Researcher: Dr. Galit Haddad

After the stinging defeat of the French army, 1.8 million French soldiers fell into captivity at the hands of the German enemy, among them over 10,000 soldiers of Jewish descent. Thanks to the Geneva Convention of 1929, which required humanitarian protection of prisoners of war, the majority of these soldiers returned to their countries of origin at the end of the war rather than being executed for being Jews. The purpose of this research is to track and examine the experience of captivity among the Jewish prisoners in the German POW camps. Dr. Haddad’s study primarily focuses on the issue of how these prisoners’ Jewish identity was expressed, since the majority considered themselves first and foremost as French citizens, patriots loyal to the values of the Republic. In addition, Dr. Haddad considers the treatment these prisoners received from their fellow, non-Jewish captives – treatment that ranged from a sense of brotherhood arising from a shared fate and national identity to outright Anti-Semitism.

Since Dr. Haddad joined the Center, her efforts have been mainly dedicated to locating and collecting primary sources such as POW diaries and correspondence, as well as testimonies assembled by the organization Engagés Volontaires Juifs dans l’Armée Française. She has also established contact with families of Jewish prisoners of war who left behind written and oral testimonies.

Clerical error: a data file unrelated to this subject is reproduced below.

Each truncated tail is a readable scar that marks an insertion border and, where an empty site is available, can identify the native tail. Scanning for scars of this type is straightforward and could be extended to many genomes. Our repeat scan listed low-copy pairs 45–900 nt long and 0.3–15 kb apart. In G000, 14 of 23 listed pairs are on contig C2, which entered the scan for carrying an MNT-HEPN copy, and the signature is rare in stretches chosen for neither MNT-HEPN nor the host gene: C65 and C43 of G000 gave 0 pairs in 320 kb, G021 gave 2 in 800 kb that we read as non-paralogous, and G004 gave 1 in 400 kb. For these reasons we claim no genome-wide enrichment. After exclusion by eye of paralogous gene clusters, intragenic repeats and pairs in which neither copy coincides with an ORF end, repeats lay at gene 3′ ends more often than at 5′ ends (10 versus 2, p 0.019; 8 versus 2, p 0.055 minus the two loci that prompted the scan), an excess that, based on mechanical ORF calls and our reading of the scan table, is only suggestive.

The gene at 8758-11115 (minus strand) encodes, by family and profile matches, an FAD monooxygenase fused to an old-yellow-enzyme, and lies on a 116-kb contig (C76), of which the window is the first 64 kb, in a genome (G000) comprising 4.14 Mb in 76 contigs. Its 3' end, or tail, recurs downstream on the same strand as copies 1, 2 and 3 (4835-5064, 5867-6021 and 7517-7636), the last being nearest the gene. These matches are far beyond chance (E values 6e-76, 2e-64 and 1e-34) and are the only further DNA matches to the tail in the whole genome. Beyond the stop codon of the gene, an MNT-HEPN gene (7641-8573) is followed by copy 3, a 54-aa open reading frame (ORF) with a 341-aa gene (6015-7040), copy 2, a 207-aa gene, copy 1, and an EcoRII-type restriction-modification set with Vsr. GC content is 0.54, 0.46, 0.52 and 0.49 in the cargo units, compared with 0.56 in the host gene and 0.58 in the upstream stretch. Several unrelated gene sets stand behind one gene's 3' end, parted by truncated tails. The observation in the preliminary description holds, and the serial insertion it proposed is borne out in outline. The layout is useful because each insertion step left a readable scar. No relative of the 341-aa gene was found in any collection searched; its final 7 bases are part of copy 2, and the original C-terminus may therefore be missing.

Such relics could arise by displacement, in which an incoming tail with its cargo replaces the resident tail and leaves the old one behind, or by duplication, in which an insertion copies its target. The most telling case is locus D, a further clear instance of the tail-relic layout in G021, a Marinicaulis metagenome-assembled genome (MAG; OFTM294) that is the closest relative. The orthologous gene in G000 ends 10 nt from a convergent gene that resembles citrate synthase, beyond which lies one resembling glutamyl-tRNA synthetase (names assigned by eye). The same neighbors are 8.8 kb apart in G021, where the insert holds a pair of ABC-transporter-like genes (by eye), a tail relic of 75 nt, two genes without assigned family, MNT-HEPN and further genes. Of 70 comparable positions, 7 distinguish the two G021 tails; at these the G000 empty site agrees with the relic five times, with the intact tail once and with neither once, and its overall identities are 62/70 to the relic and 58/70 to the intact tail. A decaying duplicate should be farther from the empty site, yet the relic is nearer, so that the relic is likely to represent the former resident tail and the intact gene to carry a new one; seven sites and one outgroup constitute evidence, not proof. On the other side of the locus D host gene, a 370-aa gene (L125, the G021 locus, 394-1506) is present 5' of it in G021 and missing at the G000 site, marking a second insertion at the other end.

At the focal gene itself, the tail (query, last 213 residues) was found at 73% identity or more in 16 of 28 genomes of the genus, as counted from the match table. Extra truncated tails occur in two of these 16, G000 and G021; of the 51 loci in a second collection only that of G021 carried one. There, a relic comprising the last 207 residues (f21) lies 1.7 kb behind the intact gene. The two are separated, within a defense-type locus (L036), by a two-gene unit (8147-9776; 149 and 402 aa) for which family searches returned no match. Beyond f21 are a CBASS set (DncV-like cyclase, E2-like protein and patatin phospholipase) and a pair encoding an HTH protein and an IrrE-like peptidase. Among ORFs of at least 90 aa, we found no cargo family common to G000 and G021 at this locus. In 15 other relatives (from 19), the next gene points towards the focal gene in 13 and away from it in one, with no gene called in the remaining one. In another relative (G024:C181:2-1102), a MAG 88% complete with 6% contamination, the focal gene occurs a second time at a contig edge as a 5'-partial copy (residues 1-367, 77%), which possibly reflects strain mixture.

During her stay in Paris, Dr. Haddad conducted archival research at Les Archives Nationales and the Mémorial de la Shoah, which shed new light on the Vichy regime’s policy regarding POWs of Jewish origin. She has also begun analyzing Red Cross reports of the period, some of which describe the discriminatory attitude towards Jewish POWs in contrast to their non-Jewish fellow prisoners.

The initial findings of this project were presented at two symposiums organized by the Center on the subject of Jewish soldiers in World War II. Dr. Haddad’s lectures focused on the phenomenon of captivity in modern warfare, life in the POW camps, the policy of the Vichy regime, and the attitude of the Germans towards Jewish POWs.

Conferences

  • May 19, 2016
    As part of the Center’s symposium “Les combattants juifs de la Seconde Guerre mondiale”, Dr. Haddad delivered a lecture entitled “Prisonniers de guerre français d’origine juive: l’expérience de la captivité militaire (1940–1945)”.

  •  April 20, 2017
    As part of the Center’s symposium “Jewish Soldiers in World War II”, Dr. Haddad delivered a lecture entitled “The Experience of Captivity: French Jewish POWs in German Camps (1940–1945)”.

Events

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